In turn, the NAD will transfer those hydrogens and electrons to another chemical (FAD) and as soon as it has given those electrons to another chemical, it's free to react with another molecule and take its hydrogens and electrons. The FADH2, in turn, will pass those hydrogens and electrons on to other biochemical redox compounds.

Equation showing the transfer of electrons from NAD to FAD. [66rxn13.JPG]

The sequence of chemicals (in part "disguised" here as X and Y) which transfer electrons and hydrogen atoms from one to the next to the next to the next is referred to as the electron transport system. Ultimately, those electrons and the hydrogen atoms are transferred to oxygen to make water.

Extended biochemical oxidation potential list (still without potentialvalues). [66tab07.JPG]

Just as with the inorganic oxidation-reduction reactions, every time electrons are transferred some voltage (or energy) is provided. With an SOP list you are able to calculate the voltage. Similarly, in the electron transport system, as the electrons and hydrogen atoms are transferred from one chemical to another, some energy is provided at each step along the way. That is the energy that living things use to carry on their activities.


"Storing" Energy in ATP

One of the things for which that energy is used is to convert a chemical known as ADP (adenosine diphosphate) into a molecule of ATP (adenosine triphosphate) by adding a phosphate group to it.

Equation showing the transfer of electrons from NAD to FAD and the transfer of released energy into converting ADP to ATP. [66rxn13a.JPG]

The reaction can be reversed and the process of converting ATP back to ADP can release energy. ATP is quite often represented as A-P-P~P where the "~" is characterized as a "high energy bond" which can be broken and release energy that is needed for biological processes.  There is a problem with this kind of representation.

energy + A-P-P + P A-P-P~P

A-P-P~P A-P-P + P + energy

The problem here is that this implies that the formation of the last phosphate bond requires energy, and that breaking that bond releases energy. Now if you think about that from a chemical point of view, it shouldn't make any sense at all. That is because the formation of bonds releases energy and breaking bonds requires energy. Just the opposite of what is implied here. The resolution of that dilemma involves taking a closer look at the molecules that are involved in this reaction.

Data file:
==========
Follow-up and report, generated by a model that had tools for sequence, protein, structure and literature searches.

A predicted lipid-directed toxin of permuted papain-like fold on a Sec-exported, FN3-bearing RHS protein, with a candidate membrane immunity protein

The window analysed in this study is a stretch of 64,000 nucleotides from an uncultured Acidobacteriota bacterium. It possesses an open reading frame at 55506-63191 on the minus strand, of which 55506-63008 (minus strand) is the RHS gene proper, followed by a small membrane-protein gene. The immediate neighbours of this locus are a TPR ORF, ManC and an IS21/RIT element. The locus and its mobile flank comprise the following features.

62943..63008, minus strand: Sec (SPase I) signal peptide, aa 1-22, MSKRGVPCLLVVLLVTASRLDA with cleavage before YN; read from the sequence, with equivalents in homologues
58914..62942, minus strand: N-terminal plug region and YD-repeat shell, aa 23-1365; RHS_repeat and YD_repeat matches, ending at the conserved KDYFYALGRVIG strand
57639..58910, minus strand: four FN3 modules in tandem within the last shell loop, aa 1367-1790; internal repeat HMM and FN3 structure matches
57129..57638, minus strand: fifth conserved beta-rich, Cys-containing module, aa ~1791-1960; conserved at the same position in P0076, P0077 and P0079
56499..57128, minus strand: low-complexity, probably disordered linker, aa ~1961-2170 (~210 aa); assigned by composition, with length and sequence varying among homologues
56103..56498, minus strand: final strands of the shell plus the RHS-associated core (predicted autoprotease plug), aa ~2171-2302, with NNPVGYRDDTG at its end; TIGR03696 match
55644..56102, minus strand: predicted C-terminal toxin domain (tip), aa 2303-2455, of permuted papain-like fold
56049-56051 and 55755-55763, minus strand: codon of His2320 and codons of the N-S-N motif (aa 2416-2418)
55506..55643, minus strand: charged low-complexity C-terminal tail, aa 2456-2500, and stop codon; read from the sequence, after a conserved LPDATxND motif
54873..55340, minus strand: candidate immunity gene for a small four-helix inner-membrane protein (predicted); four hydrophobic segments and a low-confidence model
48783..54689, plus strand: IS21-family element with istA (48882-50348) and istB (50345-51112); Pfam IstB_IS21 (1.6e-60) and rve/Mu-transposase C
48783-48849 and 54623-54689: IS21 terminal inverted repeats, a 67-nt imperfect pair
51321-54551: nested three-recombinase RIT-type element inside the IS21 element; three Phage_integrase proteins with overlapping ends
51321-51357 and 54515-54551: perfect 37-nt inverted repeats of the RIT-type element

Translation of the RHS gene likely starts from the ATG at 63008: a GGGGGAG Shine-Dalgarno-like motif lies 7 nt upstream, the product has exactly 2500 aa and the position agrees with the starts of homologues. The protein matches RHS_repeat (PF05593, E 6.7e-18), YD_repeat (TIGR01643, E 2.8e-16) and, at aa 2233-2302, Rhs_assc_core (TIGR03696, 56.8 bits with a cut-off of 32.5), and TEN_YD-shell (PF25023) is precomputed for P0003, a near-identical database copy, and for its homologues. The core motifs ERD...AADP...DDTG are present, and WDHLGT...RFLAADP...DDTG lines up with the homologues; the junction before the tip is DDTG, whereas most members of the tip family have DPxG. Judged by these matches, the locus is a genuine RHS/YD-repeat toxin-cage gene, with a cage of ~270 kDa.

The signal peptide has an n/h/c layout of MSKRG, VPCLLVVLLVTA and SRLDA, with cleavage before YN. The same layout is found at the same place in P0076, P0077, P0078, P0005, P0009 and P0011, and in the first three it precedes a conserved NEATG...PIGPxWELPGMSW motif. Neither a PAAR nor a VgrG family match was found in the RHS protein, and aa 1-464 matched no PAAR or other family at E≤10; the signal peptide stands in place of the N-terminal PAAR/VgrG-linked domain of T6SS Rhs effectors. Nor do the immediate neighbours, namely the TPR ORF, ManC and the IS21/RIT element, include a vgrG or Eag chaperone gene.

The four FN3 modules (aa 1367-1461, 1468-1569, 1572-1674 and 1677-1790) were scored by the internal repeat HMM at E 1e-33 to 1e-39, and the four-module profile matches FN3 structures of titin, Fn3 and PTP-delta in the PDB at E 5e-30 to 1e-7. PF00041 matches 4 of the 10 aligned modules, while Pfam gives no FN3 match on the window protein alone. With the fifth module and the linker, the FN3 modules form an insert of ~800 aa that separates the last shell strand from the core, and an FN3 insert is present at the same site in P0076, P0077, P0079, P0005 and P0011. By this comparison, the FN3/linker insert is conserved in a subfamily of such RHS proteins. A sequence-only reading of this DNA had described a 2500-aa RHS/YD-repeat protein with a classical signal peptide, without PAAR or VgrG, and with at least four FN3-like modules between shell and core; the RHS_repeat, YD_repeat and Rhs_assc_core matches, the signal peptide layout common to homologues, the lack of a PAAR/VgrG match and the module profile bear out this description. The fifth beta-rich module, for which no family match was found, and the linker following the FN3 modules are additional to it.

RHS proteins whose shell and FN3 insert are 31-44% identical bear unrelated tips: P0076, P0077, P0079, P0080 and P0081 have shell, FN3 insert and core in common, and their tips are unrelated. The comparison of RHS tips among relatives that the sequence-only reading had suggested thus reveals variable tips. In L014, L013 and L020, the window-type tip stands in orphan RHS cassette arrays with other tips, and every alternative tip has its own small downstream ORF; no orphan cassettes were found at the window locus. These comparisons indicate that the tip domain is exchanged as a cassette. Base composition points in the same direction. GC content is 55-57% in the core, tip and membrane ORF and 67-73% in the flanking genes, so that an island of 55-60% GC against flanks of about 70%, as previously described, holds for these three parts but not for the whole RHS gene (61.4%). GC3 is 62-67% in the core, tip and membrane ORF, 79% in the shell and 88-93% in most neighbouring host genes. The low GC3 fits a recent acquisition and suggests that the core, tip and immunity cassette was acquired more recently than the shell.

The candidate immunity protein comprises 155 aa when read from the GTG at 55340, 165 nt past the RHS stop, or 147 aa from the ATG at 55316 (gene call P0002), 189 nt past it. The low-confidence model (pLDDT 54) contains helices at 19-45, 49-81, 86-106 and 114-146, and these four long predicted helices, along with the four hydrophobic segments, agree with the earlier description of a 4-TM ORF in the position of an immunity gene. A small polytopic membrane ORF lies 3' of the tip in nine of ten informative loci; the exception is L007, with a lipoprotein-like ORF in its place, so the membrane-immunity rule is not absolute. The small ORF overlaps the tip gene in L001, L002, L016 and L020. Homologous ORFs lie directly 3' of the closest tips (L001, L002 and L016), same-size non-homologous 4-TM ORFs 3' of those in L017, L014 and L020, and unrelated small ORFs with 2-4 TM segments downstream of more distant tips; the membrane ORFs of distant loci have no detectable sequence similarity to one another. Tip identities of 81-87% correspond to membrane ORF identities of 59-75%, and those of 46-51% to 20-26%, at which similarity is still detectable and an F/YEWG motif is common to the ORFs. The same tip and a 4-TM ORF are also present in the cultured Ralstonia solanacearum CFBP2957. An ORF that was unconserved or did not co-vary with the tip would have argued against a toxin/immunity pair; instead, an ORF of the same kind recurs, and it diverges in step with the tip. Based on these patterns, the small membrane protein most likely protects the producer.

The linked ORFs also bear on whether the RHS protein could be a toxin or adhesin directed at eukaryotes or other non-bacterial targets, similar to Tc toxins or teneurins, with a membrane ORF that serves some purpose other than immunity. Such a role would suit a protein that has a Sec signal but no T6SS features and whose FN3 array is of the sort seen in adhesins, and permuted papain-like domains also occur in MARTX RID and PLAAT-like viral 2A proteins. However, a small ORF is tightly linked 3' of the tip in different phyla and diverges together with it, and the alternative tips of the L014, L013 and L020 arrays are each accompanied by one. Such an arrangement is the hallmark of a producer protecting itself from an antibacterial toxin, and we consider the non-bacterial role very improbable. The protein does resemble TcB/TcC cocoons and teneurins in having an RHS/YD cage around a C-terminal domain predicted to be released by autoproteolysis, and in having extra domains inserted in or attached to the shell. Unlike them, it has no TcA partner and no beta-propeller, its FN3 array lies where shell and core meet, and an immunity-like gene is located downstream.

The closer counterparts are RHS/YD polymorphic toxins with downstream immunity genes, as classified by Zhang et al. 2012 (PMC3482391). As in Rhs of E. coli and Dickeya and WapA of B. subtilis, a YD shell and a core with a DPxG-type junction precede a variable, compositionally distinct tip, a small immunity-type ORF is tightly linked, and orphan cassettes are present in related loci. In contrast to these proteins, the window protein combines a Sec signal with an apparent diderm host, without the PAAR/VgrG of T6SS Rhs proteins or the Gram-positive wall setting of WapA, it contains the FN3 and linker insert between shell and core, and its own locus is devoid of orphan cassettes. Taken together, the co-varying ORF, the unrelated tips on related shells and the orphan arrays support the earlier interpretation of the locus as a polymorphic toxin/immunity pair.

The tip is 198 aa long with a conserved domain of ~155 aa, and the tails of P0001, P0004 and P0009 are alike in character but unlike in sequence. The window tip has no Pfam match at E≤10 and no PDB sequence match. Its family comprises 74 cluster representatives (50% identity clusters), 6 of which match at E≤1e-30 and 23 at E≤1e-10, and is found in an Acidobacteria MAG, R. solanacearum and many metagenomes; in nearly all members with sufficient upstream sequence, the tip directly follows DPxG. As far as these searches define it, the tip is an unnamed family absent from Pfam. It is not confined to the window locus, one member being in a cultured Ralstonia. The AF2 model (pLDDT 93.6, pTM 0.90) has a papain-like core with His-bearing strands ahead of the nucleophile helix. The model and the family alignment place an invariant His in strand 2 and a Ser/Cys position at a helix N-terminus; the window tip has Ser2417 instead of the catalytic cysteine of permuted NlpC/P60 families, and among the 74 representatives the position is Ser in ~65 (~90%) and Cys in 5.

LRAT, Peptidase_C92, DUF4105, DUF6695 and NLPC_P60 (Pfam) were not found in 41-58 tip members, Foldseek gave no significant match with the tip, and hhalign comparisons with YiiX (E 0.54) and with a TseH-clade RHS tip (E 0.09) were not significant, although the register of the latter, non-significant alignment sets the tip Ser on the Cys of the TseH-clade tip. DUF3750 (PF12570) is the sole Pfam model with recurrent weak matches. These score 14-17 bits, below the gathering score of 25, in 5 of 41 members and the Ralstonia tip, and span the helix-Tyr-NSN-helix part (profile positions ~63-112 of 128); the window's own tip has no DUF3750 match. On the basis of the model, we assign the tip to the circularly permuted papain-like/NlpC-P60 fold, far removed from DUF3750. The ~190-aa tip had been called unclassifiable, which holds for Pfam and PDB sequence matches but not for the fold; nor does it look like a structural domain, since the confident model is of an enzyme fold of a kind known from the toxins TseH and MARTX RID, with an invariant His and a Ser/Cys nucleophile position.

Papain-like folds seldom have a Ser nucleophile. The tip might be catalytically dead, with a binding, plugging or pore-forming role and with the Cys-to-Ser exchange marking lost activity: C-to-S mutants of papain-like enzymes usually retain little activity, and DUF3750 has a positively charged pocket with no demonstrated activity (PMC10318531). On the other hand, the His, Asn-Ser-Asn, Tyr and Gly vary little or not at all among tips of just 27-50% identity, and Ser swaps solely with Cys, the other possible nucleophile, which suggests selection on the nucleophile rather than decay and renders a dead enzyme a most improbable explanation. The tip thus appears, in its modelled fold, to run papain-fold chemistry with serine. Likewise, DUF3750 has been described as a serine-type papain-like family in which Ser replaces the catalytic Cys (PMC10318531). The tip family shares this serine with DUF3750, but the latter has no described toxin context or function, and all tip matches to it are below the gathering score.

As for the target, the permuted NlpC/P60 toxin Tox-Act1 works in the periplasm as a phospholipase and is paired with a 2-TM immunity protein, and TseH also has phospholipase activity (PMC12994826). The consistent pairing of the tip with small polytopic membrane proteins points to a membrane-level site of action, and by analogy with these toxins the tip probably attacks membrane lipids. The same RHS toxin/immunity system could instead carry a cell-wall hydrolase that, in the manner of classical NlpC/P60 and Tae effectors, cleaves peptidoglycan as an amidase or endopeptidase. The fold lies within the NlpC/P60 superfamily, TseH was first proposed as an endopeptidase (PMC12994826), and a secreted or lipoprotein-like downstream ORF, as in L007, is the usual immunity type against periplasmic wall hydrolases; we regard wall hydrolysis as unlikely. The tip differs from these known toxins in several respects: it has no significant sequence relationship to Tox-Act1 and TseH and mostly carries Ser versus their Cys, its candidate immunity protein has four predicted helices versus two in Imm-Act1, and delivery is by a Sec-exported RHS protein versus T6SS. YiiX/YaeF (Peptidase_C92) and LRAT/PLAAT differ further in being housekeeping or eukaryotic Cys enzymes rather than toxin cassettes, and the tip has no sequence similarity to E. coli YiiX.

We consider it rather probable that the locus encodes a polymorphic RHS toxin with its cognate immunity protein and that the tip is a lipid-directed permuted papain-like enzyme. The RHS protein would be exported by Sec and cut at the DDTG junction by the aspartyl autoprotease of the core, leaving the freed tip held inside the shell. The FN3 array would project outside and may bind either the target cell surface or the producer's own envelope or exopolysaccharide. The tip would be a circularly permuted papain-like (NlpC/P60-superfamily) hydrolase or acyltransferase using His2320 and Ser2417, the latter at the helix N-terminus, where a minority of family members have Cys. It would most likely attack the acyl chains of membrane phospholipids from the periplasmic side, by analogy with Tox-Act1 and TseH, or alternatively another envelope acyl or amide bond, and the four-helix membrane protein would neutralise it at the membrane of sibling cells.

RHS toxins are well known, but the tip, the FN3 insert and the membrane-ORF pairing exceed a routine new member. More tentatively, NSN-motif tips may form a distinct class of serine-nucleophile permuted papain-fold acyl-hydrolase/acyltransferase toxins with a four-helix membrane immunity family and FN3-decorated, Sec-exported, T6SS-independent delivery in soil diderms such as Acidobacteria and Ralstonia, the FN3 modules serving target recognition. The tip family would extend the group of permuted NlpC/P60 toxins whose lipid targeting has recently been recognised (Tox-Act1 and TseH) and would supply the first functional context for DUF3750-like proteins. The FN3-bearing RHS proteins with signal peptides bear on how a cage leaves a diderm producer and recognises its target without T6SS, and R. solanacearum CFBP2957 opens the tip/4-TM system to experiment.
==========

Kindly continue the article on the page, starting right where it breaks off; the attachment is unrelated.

Shown here are the structural formulas for ADP and ATP and phosphoric acid. In biochemistry, phosphoric acid is quite often represented by Pi to mean inorganic phosphate. I have chosen to use molecular formulas in this equation even though, at biological pH, these chemicals will be partially ionized.

Equation with structural formulas showing the conversion of ADP to ATP. [66rxn14.JPG]

Notice that when the hydrogens and oxygens are taken into account, the nature of this reaction looks a bit different. In order to change from ADP to ATP, a dehydration reaction occurs in which an -H and an -OH are taken from the ADP and the Pi to form a water molecule.
In summary, bonds need to be broken and formed in order for this reaction to occur. This reaction does require energy and it is endothermic. However, the endothermic portion of the reaction is in breaking bonds (indicated by / in the diagram), not in forming the new "high energy" bond.

Annotated equation with structural formulas showing the conversion of ADP to ATP. [66rxn14a.JPG]


In a biochemical situation where energy is required, an ATP molecule can be hydrolyzed to form ADP and the inorganic phosphate. This reaction will require breaking the "high energy" bond and also a bond in the water molecule. But two new bonds will be formed (in the ADP and in the Pi), which apparently are stronger than the bonds that were broken. For that reason, this reaction is exothermic and this process will release energy. That released energy can be used by enzymes to force reactions to take place that are necessary for a living system to carry out the functions that it needs to carry out.


Electron Transport System in Perspective

Let's again place the electron transport system in the overall context of the the oxidation of fats. It is the portion of the process in which the hydrogen and electrons that have been stripped from the fat molecules are shuffled along to an eventual combination with oxygen to make water molecules. The energy released in that process is temporarily stored (in ATP and other "high energy" compounds) for use by enzymes to catalyze endothermic biochemical reactions.

This diagram shows that process in the lower left hand portion. That, however, is a gross oversimplification because hydrogen and electrons are removed from the breakdown products of fat molecules at many steps throughout this overall process. Electrons and hydrogen from all of those steps are run through the electron transport system to ultimately combine with oxygen and become water.

66rxn04.JPG (4780 bytes)